I just finished reading a great book about how our cranial physiology impacts our behavior and ability to think and interact effectively. The book is called “Your Brain at Work” by David Rock. I enjoyed reading it and found a good number of useful references.
One of the things I started to realize was that the framework presented in this book helped provide a great perspective on why I’d seen so much success with Agile SCRUM. Several things came to mind:
1. In SCRUM, there’s heavy emphasis on letting the “pigs” on the team focus on their work, and not take on too much at any one time. Work is managed in a serial, prioritized stream with individual work items brought to completion prior to taking on additional tasks. In the context of the book, there’s considerable discussion about the limitations of the pre-frontal cortex, where people are best able to take on active thinking tasks, one thing at a time. In addition, trying to do too many things at once can have a significant effect on your IQ. And not a good one.
2. People naturally crave and require regular human interaction. With it, positive feelings emerge, which are key drivers of success. In SCRUM, there’s a significant emphasis on continuous interaction. Daily standups, open communications are front and center in SCRUM.
3. People are hard-wired to gain momentum when working towards something (rather than away). With SCRUM, there are always a new set of goals, that are (or should be) well within reach. Teams are encouraged to work towards those goals. Emphasis is on positive accomplishments. Done well, good things become contagious.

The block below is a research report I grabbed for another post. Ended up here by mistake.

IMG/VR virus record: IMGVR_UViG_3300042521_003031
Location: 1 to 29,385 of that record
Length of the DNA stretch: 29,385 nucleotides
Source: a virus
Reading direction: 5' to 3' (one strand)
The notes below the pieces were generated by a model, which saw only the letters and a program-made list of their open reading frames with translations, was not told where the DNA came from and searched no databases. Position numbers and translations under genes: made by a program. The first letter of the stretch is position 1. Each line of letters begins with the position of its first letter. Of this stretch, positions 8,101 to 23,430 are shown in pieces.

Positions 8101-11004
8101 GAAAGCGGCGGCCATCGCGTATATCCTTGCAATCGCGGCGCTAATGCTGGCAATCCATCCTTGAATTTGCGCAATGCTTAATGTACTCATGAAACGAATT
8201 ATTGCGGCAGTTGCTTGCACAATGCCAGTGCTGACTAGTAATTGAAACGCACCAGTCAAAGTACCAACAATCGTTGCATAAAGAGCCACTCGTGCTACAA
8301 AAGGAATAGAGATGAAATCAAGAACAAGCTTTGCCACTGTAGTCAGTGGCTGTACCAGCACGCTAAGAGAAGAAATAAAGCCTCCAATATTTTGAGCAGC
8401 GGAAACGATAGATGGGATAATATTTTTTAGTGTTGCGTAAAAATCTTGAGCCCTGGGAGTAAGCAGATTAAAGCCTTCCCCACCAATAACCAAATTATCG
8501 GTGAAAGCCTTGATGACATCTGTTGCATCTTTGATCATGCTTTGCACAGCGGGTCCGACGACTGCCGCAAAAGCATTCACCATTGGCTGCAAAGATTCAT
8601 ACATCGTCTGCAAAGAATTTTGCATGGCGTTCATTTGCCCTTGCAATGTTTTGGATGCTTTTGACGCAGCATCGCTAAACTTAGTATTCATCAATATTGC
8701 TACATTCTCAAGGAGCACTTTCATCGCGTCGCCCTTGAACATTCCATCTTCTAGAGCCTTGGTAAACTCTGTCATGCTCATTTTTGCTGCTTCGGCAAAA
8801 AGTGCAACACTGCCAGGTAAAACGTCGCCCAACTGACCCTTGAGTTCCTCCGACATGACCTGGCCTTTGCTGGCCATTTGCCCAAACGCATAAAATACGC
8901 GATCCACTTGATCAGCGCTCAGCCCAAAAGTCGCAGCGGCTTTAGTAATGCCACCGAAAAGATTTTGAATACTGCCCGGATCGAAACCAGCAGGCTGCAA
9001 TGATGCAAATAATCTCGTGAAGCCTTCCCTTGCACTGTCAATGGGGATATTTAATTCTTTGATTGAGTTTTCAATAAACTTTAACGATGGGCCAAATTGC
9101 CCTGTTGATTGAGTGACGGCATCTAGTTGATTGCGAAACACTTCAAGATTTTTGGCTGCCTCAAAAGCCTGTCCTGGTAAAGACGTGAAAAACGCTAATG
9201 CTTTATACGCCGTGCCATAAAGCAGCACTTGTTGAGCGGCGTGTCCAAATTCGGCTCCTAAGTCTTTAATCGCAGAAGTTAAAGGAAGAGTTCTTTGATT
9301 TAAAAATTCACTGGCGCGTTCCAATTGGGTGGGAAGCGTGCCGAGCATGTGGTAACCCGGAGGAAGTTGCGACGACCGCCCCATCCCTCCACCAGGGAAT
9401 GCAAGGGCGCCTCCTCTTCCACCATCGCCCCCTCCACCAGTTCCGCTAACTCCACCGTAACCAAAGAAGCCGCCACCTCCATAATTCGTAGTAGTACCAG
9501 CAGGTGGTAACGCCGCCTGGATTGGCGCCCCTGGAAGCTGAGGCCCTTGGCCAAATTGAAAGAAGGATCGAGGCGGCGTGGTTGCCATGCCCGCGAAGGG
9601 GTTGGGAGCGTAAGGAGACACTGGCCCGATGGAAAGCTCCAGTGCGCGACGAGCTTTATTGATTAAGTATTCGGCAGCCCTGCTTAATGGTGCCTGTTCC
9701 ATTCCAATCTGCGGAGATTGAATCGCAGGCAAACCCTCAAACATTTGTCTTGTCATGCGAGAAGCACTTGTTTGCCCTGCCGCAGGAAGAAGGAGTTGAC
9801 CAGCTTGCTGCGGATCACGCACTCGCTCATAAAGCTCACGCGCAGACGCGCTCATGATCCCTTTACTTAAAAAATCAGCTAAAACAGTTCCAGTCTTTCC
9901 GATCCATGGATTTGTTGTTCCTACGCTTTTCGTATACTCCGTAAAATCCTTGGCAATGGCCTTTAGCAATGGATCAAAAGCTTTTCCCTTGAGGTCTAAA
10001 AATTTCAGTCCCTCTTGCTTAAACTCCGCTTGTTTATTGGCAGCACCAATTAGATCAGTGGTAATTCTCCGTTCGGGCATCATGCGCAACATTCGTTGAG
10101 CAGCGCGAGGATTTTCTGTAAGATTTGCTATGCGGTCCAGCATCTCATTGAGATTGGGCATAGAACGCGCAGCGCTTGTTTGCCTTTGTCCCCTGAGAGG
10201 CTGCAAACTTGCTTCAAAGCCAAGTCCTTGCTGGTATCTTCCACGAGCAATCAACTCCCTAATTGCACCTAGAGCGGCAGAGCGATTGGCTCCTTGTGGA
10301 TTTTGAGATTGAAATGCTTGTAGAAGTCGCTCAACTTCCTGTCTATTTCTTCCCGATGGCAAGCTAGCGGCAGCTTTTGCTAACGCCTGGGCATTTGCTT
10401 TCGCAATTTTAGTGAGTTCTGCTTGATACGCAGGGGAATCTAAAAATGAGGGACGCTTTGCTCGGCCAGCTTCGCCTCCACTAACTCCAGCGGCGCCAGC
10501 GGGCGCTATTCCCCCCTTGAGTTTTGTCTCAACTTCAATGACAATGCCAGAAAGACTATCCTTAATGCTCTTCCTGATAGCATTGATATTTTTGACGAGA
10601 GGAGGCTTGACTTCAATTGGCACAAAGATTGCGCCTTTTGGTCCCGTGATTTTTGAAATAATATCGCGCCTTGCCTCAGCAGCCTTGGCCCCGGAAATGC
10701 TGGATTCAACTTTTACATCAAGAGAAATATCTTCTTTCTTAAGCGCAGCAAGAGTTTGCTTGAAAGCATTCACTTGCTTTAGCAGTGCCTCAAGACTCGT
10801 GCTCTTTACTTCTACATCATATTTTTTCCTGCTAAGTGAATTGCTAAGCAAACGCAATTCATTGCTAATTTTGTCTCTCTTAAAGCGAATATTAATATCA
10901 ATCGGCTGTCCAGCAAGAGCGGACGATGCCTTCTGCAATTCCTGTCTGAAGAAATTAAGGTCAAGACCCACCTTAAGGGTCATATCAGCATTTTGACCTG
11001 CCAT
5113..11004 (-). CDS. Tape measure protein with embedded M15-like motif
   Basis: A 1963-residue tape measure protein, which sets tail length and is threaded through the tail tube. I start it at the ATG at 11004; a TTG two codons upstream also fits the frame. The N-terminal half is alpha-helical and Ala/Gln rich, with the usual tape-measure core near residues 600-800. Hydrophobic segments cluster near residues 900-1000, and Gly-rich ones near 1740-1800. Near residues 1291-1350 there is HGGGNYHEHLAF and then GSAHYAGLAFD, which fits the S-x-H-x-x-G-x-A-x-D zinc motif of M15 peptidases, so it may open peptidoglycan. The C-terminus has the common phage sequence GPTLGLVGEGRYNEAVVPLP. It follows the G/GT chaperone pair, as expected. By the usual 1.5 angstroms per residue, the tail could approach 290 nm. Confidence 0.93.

4. People crave and require human interaction. As contrasted to waterfall processes, where it’s very easy for someone to go hide in their corner for extended periods of time, there shouldn’t be a day that goes by without some meaningful interaction. Even if its only the daily standup, everyone should have something to say and be collaborating.
5. Good behaviors are learned through modelling and repetition. Everything about agile, and SCRUM revolves around getting into a rhythm and sticking to it. Those repetitions can become ingrained, providing a great environment for acceleration.
SCRUM is certainly not the only place where these things can occur, but I find it interesting the ways in which setting these patterns in the workplace can correspond to the very fundamental characteristics of the human brain. No wonder this stuff works so well! (and even better that people aren’t bashing their heads into one another).